COUNTERPOINT: Paid internships are ideal, but for some groups, impossible

As the end of the semester approaches and students are beginning to seek summer employment, many Trojans are likely to encounter offers for unpaid internship experiences. While some argue that unpaid internships are little better than slave labor, in truth, they fill a niche role in the professional world and in education. This is not to say that the institution of unpaid internships is perfect, or that nothing about them should be changed. However, it must be acknowledged that unpaid internships do serve a purpose.

First of all, students who secure paid internships are about twice as likely as those with unpaid internships to receive job offers upon graduation, according to data from the U.S. Department of Labor. This likely outcome only compounds the problem for those students whose work goes uncompensated. Additionally, unpaid internships often come under fire because people with low incomes usually lack access to the opportunities that they can provide. Even so, the benefits of an unpaid internship should be discussed frankly.

Although I was not financially compensated for my work, I was happy to work as an unpaid intern at the District Attorney’s office and at a local civil rights law firm because I knew that the work I was doing was important and because the experience was truly benefiting me. I can say with full faith that without the unpaid internship experiences that I had during my time as a USC student, I likely would not have been accepted to the University of Chicago Law School.

Even with the stress of going unpaid for over-20-hour workweeks, my internships opened doors for me that would otherwise remain shut. In fact, I made many friends and connections because of my internships that went on to help me a great deal, probably more than the money would have. Additionally, professional experience is of extremely high importance in the application process for graduate schools and for securing future employment, but the only reliable way to get that experience while in college is to work as an intern. However, many students simply cannot afford to work without pay.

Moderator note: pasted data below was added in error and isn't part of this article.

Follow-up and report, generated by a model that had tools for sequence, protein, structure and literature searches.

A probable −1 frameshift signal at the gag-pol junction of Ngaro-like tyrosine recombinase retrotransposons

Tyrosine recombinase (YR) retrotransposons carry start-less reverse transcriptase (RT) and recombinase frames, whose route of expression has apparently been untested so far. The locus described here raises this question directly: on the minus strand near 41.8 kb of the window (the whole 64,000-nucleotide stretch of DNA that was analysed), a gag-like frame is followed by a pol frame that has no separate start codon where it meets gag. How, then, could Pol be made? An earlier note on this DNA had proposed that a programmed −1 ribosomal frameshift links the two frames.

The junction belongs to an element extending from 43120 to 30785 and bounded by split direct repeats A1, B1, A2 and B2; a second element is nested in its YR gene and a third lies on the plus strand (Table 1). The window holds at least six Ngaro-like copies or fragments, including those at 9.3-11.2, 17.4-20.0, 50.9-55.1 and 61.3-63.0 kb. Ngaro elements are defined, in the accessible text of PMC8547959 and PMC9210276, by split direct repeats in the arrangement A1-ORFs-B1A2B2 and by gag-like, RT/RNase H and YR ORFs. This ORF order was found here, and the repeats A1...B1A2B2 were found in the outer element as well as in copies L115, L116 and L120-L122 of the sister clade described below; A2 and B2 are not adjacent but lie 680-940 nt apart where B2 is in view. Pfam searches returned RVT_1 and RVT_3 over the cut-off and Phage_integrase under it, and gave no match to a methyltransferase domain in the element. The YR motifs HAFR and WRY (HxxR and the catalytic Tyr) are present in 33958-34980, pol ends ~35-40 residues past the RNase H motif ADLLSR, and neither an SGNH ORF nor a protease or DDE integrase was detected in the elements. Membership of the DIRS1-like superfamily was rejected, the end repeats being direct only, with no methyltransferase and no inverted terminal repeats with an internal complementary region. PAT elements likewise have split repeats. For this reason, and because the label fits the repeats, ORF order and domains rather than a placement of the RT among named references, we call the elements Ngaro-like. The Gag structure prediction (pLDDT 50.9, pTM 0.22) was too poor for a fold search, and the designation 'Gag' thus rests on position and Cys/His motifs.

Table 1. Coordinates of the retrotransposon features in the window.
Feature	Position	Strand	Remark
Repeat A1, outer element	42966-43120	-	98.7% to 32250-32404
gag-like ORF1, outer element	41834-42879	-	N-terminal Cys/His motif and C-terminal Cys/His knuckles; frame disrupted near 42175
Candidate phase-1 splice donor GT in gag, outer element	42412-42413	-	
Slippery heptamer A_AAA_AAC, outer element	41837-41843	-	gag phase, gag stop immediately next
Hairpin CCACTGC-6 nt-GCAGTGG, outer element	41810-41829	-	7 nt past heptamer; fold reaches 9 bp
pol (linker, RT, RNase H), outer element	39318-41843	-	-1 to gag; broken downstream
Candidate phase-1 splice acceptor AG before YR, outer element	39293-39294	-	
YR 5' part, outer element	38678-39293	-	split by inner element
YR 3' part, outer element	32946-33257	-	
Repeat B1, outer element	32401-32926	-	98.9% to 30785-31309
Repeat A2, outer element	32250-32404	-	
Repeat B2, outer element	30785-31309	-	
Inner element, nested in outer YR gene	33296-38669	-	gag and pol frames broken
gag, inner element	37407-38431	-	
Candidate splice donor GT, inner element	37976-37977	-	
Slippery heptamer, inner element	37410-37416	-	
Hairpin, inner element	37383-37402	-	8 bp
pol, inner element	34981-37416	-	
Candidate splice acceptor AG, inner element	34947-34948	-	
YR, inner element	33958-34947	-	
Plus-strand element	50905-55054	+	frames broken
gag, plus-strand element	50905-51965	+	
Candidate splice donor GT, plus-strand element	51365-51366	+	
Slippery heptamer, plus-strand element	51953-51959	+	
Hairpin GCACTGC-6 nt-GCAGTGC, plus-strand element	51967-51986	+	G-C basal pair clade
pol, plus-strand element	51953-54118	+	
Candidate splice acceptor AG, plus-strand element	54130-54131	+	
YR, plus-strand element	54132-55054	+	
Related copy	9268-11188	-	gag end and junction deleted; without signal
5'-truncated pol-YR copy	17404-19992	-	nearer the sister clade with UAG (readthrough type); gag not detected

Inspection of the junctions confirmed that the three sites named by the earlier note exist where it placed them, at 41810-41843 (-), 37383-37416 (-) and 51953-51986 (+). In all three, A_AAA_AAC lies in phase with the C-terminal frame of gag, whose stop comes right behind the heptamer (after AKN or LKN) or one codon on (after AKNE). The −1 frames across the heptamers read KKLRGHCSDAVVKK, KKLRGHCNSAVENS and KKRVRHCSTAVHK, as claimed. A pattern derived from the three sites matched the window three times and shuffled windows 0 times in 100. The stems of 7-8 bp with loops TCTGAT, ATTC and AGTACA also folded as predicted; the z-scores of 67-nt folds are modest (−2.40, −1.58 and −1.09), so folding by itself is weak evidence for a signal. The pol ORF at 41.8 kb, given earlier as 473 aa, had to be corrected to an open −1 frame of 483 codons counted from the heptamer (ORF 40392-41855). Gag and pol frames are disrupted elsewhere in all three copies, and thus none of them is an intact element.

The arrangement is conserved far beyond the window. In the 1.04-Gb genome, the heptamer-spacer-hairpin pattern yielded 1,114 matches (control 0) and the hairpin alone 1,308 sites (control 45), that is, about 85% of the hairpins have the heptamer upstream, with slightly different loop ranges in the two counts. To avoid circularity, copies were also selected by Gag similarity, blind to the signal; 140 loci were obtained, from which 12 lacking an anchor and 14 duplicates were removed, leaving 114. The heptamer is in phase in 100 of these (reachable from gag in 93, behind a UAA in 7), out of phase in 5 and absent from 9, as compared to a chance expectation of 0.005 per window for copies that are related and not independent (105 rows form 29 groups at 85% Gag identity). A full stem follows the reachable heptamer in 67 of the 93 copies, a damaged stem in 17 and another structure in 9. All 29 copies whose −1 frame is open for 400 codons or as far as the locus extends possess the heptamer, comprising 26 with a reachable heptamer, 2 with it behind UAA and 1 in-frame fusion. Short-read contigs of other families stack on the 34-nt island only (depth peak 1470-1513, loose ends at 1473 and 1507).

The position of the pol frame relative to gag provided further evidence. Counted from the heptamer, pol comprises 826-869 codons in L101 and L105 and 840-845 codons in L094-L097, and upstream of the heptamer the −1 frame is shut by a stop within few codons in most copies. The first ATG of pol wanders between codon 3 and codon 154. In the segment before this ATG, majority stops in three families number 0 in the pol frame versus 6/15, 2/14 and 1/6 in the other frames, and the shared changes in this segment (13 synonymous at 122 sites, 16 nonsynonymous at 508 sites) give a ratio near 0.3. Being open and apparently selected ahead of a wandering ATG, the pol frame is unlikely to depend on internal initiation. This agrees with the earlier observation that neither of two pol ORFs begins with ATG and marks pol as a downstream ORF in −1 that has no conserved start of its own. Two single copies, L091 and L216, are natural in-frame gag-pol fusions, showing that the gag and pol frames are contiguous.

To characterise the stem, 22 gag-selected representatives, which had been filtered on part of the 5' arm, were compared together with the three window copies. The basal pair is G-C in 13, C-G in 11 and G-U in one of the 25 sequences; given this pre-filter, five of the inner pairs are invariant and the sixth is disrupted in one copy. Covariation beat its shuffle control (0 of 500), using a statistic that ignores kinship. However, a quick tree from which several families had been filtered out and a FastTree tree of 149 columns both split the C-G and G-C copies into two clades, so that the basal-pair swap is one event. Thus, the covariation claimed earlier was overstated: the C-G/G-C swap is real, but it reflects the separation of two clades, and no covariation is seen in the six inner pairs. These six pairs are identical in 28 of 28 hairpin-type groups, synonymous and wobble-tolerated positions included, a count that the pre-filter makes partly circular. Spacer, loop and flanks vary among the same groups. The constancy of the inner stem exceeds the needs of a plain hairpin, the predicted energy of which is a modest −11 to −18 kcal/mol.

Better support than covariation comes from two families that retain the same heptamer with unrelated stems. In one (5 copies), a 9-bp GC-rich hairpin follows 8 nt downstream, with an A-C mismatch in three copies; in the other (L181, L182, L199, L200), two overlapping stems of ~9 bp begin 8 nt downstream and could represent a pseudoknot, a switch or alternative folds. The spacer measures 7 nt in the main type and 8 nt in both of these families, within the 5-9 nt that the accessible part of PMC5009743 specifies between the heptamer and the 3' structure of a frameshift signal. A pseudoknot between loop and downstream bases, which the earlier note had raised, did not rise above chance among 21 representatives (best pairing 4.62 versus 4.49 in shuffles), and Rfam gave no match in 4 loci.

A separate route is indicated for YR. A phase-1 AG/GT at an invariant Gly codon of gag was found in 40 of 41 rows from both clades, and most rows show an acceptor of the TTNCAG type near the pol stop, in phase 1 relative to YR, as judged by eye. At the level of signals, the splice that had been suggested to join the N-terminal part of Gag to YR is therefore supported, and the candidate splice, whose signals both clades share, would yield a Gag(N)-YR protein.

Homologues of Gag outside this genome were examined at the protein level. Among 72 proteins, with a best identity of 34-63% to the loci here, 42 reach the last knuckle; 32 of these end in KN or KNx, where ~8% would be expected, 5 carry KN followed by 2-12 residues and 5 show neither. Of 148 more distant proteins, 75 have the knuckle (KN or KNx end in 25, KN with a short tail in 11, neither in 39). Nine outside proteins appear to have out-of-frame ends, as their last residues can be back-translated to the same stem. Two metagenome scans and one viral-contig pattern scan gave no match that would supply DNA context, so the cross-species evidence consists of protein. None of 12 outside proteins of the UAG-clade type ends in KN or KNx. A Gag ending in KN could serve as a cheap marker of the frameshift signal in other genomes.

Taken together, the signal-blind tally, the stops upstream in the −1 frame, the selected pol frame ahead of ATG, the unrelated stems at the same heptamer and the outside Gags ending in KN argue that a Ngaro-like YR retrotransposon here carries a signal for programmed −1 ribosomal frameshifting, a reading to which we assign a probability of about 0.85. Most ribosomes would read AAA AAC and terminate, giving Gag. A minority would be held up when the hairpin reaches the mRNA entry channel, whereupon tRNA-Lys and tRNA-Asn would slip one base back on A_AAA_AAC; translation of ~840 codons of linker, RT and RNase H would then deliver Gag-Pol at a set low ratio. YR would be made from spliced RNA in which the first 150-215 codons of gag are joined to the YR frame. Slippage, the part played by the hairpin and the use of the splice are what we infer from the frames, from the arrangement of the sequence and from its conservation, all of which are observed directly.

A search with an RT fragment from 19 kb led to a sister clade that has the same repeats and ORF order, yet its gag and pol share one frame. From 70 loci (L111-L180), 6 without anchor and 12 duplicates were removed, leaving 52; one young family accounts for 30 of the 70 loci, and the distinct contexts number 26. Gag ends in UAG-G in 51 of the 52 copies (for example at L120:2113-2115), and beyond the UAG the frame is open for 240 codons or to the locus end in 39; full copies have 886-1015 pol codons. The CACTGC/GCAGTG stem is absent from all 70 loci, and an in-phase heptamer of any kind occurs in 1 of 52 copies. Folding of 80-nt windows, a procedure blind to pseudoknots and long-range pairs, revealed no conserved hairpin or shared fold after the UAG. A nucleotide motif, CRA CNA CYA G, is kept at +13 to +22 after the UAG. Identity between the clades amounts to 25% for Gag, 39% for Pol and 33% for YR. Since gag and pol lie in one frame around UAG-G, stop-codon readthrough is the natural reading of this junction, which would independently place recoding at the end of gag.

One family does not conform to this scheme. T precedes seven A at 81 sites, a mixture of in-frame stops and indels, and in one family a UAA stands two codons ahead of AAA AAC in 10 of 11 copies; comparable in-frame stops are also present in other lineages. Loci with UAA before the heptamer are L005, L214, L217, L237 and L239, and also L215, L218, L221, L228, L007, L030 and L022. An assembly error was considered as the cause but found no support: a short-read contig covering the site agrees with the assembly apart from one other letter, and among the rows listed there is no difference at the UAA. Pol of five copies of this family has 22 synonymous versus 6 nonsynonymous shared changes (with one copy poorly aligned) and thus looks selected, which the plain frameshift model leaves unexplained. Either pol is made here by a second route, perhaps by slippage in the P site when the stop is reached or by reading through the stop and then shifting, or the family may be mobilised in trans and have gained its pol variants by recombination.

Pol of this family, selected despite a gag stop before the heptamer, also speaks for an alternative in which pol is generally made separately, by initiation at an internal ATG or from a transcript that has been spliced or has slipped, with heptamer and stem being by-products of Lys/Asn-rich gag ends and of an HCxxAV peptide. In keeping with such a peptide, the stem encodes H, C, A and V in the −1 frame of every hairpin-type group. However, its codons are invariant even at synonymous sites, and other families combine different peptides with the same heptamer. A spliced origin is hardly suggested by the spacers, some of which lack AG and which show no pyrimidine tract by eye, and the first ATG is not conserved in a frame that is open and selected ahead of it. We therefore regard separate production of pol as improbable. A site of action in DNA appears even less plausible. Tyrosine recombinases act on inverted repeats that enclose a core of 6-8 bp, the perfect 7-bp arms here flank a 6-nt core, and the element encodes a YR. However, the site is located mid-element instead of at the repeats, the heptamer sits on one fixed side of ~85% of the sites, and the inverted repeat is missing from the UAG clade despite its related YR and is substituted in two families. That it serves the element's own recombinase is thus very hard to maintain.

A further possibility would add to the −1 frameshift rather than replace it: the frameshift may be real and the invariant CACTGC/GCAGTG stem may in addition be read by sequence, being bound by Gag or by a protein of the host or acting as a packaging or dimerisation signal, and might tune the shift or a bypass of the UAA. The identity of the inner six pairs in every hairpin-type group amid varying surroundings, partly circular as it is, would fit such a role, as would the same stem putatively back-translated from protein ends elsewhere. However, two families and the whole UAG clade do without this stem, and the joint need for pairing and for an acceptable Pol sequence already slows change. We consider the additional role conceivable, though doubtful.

In recognition of that, USC has stepped in and provided support to Trojans willing to spend their time and effort to make the world a better place. Here at USC, we are lucky to have organizations like the Jesse M. Unruh Institute of Politics, the Global Fellows Internship Program and the Leonard Schaeffers Fellows Program that are capable of funding unpaid summer internships that provide students with an educational and professional experience. Unruh’s funding, for example, is necessary for those interested in public service, political communications and law because unpaid internships are often the chief way to gain professional experience and necessary networking skills in those fields. The government is not required to pay its interns, and public interest groups typically do not have the funding to provide willing students with full pay. Therefore, both will usually only hire students on the condition that they work for college credit or as volunteers. These conditions exempt the employer from needing to pay students for their labor.

The purpose of an internship is to push a student farther down their professional path, not to stunt their economic or professional growth. Perhaps there needs to be a shift away from expecting the employer to pay for a student’s labor and toward asking the University for financial assistance for those who cannot afford to work without pay. An employer is simply not required to provide internship opportunities, after all.

But if the University leverages its community connections and if the Trojan Family operates like a true family that looks out for its own, there may be hope for more equitable internship programs. For example, Trojan employers could open their doors to more unpaid interns, but the University could provide funding for those students who cannot afford to work for free. In this way, the purpose and accessibility of internships can preserved without compromising their benefits to students who are looking to broaden their professional horizons. Unpaid internships may be somewhat unfair, but they need not be when the University can feasibly provide some relief.

Trevor Kehrer is a senior majoring in political science. “Point/Counterpoint” runs Wednesdays.